Unions yesterday reacted angrily to news that department store chain Debenhams is to close its final salary pension scheme to both new and existing members.
The controversial decision followed 18 months of negotiations with the scheme's trustees, and just three months after the firm's £1.67 billion stock market flotation.
Chief executive Rob Templeman wrote to members admitting that the "uncertain climate of low investment returns and volatility" had forced the company to decide the "status quo was no longer a viable option". But a spokesman for shopworkers' union Usdaw said it believed it was "totally unnecessary" to close the final salary pension scheme and urged Debenhams to change its plans.
"We will now examine the fund as part of an investigation into what has sparked this and we will try to persuade the company to change its mind," he said.
"Retail is a relatively low paid job and one of the perks is a final salary pension scheme which allows some dignity in retirement.
"Closing it appears to be a solution that is totally unnecessary. Our members have paid into this scheme in good faith over a period of time and would expect a final salary pension arrangement unless there was something absolutely catastrophic."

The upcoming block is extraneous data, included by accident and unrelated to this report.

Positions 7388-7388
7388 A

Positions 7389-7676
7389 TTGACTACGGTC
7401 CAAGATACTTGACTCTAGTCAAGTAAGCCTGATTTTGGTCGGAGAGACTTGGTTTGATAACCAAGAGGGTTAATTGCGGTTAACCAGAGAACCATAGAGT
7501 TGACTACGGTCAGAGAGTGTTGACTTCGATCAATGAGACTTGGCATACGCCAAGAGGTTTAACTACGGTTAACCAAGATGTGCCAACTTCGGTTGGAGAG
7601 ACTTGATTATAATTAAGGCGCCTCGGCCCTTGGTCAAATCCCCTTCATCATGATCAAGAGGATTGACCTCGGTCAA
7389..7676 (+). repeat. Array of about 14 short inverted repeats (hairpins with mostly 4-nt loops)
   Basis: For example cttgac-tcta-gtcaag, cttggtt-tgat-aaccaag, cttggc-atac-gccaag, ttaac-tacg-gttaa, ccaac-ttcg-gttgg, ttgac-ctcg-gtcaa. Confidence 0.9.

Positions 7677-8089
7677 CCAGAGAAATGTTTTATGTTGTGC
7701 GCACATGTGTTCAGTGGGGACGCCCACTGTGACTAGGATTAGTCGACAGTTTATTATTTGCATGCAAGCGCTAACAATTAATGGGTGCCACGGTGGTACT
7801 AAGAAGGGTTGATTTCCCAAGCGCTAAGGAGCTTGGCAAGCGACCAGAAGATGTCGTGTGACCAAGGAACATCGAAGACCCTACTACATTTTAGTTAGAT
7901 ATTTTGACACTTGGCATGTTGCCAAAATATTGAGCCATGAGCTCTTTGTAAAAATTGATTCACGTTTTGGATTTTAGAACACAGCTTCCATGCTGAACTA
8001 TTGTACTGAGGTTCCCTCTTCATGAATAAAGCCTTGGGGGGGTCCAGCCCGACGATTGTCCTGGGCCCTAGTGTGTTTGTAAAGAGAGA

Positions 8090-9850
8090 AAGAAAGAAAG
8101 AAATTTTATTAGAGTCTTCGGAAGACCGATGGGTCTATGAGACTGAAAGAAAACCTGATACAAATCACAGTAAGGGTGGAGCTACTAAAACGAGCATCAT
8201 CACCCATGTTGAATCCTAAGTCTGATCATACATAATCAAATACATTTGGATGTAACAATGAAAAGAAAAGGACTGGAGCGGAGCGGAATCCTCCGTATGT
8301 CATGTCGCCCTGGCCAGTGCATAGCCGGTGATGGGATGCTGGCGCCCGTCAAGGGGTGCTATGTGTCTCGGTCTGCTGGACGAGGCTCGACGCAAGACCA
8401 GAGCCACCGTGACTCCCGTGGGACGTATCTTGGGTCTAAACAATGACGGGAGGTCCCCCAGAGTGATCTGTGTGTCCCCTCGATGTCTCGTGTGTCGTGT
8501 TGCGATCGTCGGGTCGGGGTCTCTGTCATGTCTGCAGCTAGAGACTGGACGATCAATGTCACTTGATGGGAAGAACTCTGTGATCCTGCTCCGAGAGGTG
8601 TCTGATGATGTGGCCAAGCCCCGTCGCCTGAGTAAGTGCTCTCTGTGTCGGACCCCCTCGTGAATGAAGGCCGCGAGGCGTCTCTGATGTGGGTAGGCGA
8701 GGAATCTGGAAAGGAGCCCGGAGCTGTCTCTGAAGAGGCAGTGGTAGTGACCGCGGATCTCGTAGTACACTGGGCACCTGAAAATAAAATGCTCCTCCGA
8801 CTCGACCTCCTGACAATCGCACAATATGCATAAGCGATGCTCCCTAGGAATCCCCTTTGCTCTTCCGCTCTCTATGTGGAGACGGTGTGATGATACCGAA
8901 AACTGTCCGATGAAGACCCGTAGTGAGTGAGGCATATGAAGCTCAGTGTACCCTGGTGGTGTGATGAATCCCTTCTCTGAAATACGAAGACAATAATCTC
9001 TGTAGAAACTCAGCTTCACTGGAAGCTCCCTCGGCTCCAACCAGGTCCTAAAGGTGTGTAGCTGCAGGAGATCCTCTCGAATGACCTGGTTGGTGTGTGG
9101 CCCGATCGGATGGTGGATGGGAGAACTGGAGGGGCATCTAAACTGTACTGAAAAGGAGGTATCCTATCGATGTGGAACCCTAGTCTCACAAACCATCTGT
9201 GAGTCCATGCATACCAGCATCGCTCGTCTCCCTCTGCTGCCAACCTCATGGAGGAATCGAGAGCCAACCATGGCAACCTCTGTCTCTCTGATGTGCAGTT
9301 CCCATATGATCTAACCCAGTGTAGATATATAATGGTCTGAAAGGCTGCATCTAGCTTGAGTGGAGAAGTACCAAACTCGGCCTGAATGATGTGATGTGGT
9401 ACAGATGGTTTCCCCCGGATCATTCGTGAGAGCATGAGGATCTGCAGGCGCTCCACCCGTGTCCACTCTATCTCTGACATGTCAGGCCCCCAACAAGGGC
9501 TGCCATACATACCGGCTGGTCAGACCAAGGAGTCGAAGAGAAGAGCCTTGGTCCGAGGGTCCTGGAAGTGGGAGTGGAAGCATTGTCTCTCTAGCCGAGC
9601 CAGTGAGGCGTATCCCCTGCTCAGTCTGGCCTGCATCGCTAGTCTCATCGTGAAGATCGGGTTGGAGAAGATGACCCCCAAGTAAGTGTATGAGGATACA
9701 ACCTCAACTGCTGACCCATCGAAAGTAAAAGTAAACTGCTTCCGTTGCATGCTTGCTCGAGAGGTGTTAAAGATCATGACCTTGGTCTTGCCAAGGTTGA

The £500 million, fully funded scheme will close to new entrants on November 1 while existing members will stop accruing benefits on October 31.
Existing members will keep the benefits which they have accrued to date but all future saving would have to be made within a less generous stake-holder scheme.
For new members, Debenhams will match staff contributions up to five per cent of their salary with a higher percentage for existing members.
Debenhams returned to the market in May after an absence of more than two years.
Around one in ten smaller companies are so far thought to have made a similar move.
Meanwhile, risk management and insurance broking group Jardine Lloyd Thompson also said it was proposing to close its final salary scheme.